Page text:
ArtsATL > Dance > Review: Burton Beerman’s multidisciplinary “Tikvah” oratorio remembers Holocaust

Review: Burton Beerman’s multidisciplinary “Tikvah” oratorio remembers Holocaust

"Tikvah" performed at the Rialto Center for the Performing Arts. (Photo by Brandon Patrick Ellis)
"Tikvah" at the Rialto Center. (Photo by Brandon Patrick Ellis)
“Tikvah” at the Rialto Center. (Photo by Brandon Patrick Ellis)

On Tuesday evening, Georgia State University’s neoPhonia concert series hosted a performance of “Tikvah,” a concert-length chamber oratorio by composer Burton Beerman, at the Rialto Center for the Arts. The composer was present for the concert. A native of Atlanta who graduated from Grady High School in 1961, Beerman has for decades been associated with Bowling Green State University, where he currently holds the title of Distinguished Artist Professor.

Performers included the Red Clay Saxophone Quartet from Greensboro, North Carolina; the GSU University Singers, directed by Deanna Joseph; soprano Maria Valdes; saxophonist Jan Berry Baker; narrator Dwight Coleman; and dancer Celesta Harazszti, the composer’s wife.

It wasn’t the first time “Tikvah” has been performed in Atlanta. The premiere of the complete oratorio took place January 21, 2006, in the Martin Luther King Jr. Chapel at Morehouse College — a performance that can be seen in its entirety on Vimeo.

Beerman was raised in a conservative synagogue, but some of his experiences turned him away from his religious heritage. Decades later, after an encounter with Philip Markowicz, a theologian and Holocaust survivor, Beerman began a process of healing the rift with that heritage. At the same time, Markowicz was coming to terms with writing and speaking openly about his Holocaust experience. The encounter resulted in both Markowicz’ memoirs of the Holocaust and Beerman’s “Tikvah.”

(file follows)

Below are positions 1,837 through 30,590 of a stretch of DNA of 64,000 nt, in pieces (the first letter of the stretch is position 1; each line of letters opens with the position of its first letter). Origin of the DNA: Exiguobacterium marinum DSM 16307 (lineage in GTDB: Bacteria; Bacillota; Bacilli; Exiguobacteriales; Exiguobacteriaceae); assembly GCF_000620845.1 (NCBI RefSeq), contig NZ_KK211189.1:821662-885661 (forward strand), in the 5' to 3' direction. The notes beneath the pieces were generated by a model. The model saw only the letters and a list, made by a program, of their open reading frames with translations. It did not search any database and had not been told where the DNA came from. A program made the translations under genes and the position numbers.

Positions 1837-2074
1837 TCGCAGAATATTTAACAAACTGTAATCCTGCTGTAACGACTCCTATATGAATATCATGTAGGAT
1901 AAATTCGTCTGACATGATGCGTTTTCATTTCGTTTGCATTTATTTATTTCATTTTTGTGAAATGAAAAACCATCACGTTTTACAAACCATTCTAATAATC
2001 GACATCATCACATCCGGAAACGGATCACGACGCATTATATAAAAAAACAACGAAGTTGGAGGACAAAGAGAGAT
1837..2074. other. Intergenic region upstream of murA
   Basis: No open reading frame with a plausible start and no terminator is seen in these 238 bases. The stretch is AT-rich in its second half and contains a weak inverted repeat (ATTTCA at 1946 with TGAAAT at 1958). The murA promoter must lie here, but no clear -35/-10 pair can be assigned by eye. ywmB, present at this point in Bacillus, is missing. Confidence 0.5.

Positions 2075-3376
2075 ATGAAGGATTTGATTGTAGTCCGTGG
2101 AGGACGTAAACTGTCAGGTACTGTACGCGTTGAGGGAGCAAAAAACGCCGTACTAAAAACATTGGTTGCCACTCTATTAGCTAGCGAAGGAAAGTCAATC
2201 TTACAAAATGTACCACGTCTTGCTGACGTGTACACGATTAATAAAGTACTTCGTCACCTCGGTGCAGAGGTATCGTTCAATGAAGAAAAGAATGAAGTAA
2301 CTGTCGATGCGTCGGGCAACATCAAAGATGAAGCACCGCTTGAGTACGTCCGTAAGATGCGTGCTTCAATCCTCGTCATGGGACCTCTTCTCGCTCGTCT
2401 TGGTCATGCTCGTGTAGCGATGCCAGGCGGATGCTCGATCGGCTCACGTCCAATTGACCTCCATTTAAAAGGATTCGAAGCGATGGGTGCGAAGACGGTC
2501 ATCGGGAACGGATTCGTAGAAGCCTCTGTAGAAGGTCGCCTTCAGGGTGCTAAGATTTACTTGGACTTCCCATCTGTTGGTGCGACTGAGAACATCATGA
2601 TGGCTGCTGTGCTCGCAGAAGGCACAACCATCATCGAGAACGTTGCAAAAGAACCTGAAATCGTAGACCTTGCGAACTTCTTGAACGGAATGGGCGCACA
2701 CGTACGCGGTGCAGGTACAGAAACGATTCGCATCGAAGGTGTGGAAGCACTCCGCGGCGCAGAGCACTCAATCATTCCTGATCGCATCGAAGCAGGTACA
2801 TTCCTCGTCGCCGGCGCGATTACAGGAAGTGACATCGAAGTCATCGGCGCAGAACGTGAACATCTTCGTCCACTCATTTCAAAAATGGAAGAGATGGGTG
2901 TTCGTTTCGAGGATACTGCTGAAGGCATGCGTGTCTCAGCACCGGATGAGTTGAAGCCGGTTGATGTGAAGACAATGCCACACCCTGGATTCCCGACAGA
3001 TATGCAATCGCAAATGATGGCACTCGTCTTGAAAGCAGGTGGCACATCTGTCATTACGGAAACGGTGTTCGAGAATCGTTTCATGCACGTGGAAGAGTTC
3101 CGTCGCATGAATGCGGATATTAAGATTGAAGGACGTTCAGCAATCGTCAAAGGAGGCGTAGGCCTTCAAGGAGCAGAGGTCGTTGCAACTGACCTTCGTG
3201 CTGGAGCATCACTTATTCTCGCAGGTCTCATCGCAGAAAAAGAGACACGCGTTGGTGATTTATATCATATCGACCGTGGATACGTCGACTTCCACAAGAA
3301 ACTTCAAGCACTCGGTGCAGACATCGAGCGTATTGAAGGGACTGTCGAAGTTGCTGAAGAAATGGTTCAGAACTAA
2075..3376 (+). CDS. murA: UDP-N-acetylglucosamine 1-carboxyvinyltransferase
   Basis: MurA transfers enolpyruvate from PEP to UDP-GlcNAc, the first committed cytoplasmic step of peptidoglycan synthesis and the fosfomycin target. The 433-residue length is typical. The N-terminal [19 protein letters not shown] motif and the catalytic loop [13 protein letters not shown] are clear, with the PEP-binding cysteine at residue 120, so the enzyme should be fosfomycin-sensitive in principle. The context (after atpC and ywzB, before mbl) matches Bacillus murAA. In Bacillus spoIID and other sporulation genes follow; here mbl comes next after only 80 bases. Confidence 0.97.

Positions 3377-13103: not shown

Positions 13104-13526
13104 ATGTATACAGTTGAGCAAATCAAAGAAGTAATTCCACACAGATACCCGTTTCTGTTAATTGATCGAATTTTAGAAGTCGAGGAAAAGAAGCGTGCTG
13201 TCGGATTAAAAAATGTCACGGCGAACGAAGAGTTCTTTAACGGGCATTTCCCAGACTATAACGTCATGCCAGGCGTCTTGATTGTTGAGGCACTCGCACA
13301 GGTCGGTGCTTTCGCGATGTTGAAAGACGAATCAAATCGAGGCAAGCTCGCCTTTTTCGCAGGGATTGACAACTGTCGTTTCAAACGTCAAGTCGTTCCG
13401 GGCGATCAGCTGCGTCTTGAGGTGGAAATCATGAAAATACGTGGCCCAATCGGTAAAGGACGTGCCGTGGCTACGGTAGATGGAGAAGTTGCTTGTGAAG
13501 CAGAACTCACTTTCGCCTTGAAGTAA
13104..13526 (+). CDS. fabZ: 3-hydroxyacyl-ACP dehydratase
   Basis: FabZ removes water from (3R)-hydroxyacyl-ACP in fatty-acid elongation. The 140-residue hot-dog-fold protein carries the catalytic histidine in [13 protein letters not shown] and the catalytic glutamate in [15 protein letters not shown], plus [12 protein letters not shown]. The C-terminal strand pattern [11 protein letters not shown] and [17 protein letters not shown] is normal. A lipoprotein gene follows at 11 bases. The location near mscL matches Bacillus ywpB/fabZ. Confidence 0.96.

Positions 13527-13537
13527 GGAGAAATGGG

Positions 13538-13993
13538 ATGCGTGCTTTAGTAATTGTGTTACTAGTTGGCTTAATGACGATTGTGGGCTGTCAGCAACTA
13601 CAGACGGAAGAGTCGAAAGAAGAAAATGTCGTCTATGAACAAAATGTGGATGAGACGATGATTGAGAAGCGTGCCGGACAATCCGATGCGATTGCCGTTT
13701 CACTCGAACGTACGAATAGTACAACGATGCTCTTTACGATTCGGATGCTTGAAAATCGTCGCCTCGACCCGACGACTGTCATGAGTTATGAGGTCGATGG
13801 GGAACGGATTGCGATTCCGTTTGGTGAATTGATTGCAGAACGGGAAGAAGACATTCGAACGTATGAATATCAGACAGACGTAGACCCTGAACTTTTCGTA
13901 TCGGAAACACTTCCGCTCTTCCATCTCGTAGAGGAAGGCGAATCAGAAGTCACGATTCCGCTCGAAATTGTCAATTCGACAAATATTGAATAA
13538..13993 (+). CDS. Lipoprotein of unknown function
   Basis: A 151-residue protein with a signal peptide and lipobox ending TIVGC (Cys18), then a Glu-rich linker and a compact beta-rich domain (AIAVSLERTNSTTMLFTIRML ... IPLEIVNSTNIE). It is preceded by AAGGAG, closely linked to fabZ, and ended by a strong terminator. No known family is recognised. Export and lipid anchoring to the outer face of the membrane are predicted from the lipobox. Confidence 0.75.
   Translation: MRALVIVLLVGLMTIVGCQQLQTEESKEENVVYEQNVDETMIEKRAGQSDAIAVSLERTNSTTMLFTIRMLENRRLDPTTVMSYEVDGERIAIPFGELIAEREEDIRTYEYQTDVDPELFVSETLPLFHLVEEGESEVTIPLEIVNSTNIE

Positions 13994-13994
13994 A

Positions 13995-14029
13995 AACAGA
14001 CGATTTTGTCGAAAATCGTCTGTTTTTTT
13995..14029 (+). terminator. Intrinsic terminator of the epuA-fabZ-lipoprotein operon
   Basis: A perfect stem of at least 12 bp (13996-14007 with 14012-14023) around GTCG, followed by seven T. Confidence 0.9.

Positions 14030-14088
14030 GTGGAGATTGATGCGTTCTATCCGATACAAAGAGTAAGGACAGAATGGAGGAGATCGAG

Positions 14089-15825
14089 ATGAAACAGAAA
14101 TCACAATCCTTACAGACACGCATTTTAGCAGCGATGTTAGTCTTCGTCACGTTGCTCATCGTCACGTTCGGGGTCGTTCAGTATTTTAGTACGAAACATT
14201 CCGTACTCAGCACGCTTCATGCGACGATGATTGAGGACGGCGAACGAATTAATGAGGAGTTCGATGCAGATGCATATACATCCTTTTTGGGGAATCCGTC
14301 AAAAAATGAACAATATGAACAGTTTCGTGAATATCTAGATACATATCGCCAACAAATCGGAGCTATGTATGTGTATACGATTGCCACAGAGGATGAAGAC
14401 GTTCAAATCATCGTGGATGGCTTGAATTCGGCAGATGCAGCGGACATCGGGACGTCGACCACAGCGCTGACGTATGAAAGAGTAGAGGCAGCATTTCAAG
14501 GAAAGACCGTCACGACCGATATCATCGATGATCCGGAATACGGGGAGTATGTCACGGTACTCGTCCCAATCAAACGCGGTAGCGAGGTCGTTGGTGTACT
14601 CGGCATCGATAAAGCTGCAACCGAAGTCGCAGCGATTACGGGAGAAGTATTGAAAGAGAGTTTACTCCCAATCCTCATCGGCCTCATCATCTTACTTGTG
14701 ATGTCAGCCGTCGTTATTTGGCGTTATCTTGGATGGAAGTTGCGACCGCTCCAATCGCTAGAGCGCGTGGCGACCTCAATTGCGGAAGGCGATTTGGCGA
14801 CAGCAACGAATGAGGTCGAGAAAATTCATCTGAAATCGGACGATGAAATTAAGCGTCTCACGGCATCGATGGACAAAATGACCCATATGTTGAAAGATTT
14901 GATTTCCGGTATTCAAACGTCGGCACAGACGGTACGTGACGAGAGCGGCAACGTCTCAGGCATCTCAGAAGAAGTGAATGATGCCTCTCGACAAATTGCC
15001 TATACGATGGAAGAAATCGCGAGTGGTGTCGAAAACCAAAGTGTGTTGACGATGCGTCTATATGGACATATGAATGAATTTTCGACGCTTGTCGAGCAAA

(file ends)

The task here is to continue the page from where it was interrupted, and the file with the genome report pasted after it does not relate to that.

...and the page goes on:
The King Chapel performance made extensive use of Markowicz’s voice and words on audio tape, and also included the Jewish prayer “Kaddish.” Tuesday’s performance included only audio tape of “Kaddish” near the end of the work, with the rest of Markowicz’s recorded words narrated live by baritone Dwight Coleman. Coleman did well with the narration, but there was something about hearing Markowicz speaking on his own behalf that was galvanic in the Morehouse performance.

Many of Beerman’s works are multidisciplinary, and “Tikvah” is no exception. The 2006 performance involved a video projection of Beerman’s creation, and there were two dancers. Tuesday’s rendition, curiously, included no video. Video would have been a positive, energizing element in this concert, and its contribution to the mix was missed. Harazszti was the sole dancer. She and the Red Clay Saxophone Quartet are also the only performers to have participated in both the premiere performance and this one at the Rialto.

The soloist in the premiere was soprano Andrea Rae, who is Markowicz’s granddaughter. This time it was 23-year-old soprano Maria Valdes, a magna cum laude alumna of Georgia State who landed third place in this year’s Metropolitan Opera Regional Council Auditions in early February. Valdes was the clear standout in this performance, a lovely voice with promise and real musicianship to back it up.

The core of “Tikvah” rests with the saxophone quartet and solo soprano. The Red Clay Saxophone Quartet — Susan Fascher, Robert Faub, Steven Stusek and Mark Engebretsen — played well, as they have been longtime participants in “Tikvah” performances since the premiere. Curiously, on this night, two segments of the soprano sax — a solo and a trio with Valdes and Coleman — were played not by Fascher but by GSU’s Jan Berry Baker, whose performance was in league with that of her Red Clay colleagues.

Three choral movements framed the entire oratorio: opening prelude, a prelude to the second half, and postlude. So the chorus has a relatively small role, but significant overall. Deanna Joseph’s University Singers, underscored by the sparkling piano work of Peter Marshall, in this concert served the music reasonably well. Of the respective performances, it was perhaps the more polished and controlled, but the interfaith chorus in the premiere, led by Uzee Brown Jr., brought a more needful exuberance to emotional high points, particularly the end of the opening prelude, where it made the word “Freedom!,” in its three final iterations, ring like a bell — as it should.

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